Studies generally suggest that, year after year, less than 60 percent of web traffic is human; some years, according to some researchers, a healthy majority of it is bot. For a period of time in 2013, the Times reported this year, a full half of YouTube traffic was “bots masquerading as people,” a portion so high that employees feared an inflection point after which YouTube’s systems for detecting fraudulent traffic would begin to regard bot traffic as real and human traffic as fake. They called this hypothetical event “the Inversion.”Which raises all sorts of questions: can there be a valid Turing test if neither party is human (but each assumes the other to be)? And does Baudrillard’s hyperreality become hyper fraudulent? (“Wasn’t it always?” chuckle the cynics.) And if we’re not brains in vats, could we just be phones in racks?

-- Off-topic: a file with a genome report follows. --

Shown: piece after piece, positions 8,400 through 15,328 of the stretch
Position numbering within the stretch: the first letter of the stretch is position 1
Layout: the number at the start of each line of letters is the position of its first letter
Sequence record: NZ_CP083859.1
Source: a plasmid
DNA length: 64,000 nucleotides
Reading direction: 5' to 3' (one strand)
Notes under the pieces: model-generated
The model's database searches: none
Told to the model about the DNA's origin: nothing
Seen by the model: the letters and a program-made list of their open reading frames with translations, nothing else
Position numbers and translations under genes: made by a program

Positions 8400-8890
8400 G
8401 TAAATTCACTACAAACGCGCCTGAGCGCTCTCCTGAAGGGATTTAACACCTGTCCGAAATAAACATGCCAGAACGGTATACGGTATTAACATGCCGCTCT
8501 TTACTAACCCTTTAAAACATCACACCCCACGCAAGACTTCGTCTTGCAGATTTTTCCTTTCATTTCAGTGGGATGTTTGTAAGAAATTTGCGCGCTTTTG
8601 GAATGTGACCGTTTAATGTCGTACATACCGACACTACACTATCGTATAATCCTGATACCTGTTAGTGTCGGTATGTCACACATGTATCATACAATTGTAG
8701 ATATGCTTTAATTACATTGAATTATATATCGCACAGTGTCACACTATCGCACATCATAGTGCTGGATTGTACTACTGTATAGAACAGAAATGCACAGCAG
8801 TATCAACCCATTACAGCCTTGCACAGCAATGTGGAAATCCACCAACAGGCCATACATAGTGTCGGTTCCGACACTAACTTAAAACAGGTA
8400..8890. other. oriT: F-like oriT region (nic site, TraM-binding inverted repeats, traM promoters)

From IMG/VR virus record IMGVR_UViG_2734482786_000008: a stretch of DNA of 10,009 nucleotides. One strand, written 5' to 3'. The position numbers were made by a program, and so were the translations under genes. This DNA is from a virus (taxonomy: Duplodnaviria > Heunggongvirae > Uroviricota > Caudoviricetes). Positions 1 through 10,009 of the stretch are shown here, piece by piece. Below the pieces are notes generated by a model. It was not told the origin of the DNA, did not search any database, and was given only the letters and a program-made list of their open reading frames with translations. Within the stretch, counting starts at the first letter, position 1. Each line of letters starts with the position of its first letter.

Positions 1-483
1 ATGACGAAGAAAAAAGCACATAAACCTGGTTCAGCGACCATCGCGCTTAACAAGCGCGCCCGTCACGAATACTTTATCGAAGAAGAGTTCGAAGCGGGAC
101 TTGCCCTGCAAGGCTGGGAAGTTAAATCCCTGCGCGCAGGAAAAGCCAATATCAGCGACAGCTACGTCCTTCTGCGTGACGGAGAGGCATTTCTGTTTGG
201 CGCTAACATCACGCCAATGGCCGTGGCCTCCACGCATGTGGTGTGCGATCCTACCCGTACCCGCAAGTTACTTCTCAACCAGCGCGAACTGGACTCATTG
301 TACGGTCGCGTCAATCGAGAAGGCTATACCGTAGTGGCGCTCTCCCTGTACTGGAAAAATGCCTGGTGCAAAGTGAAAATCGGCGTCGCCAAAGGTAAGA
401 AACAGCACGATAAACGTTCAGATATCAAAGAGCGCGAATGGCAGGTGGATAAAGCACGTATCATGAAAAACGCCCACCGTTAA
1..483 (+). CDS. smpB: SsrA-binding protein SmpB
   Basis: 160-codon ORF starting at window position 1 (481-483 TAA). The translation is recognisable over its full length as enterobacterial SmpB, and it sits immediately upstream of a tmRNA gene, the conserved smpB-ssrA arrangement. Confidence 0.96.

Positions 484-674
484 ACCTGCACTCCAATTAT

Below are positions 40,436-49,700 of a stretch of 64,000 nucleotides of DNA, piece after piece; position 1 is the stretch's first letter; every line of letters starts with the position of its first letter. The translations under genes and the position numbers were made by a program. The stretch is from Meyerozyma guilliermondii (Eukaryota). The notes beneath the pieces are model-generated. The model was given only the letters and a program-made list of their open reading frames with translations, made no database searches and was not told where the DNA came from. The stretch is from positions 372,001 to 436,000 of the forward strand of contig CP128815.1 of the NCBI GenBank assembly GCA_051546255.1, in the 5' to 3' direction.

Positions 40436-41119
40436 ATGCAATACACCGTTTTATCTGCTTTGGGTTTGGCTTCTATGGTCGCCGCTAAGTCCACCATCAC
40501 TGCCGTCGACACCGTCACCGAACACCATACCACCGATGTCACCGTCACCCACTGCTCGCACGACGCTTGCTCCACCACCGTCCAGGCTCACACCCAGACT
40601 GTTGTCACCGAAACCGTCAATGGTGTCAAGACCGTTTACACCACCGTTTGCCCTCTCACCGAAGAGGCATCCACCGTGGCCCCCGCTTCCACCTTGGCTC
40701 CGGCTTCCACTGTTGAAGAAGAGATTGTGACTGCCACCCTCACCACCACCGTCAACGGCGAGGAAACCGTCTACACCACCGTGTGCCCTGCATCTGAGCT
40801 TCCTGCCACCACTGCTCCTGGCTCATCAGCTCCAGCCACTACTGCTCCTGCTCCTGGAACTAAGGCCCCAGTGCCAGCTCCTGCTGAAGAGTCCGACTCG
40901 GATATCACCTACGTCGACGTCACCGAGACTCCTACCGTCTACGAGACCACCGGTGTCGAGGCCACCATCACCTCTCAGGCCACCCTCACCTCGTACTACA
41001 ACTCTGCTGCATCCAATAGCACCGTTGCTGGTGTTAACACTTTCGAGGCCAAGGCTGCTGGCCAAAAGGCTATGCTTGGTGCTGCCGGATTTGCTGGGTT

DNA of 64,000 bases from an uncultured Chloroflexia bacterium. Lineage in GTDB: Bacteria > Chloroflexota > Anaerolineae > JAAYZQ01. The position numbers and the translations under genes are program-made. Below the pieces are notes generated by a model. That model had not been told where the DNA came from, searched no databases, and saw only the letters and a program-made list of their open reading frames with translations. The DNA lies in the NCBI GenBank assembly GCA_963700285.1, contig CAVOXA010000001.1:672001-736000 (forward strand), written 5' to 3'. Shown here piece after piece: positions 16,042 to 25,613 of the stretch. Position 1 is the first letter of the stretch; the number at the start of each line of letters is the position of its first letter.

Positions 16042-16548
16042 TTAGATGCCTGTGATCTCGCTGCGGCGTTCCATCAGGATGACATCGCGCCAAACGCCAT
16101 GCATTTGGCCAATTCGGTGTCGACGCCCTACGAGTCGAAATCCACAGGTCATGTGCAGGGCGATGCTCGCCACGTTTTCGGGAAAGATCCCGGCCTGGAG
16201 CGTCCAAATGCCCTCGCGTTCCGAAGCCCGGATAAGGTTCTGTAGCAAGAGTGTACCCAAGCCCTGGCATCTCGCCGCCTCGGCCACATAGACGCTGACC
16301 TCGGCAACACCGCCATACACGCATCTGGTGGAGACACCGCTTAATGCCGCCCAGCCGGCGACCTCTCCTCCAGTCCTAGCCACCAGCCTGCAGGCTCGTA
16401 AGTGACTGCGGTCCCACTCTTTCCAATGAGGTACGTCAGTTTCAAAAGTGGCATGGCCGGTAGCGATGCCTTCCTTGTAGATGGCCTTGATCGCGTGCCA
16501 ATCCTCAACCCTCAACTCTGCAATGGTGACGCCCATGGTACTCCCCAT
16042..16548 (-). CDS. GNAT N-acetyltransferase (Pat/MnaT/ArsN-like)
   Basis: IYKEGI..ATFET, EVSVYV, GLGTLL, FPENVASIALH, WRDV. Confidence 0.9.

Friday, January 04, 2019
We should no longer be surprised that Artificial Intelligence is generating much of what we are encouraged to call “content”, whether it’s words or pictures (ceci n’est pas your mum). The tipping point comes when it’s not just the product, it’s the consumers who exist beyond meatspace. As Max Read reports in New York magazine: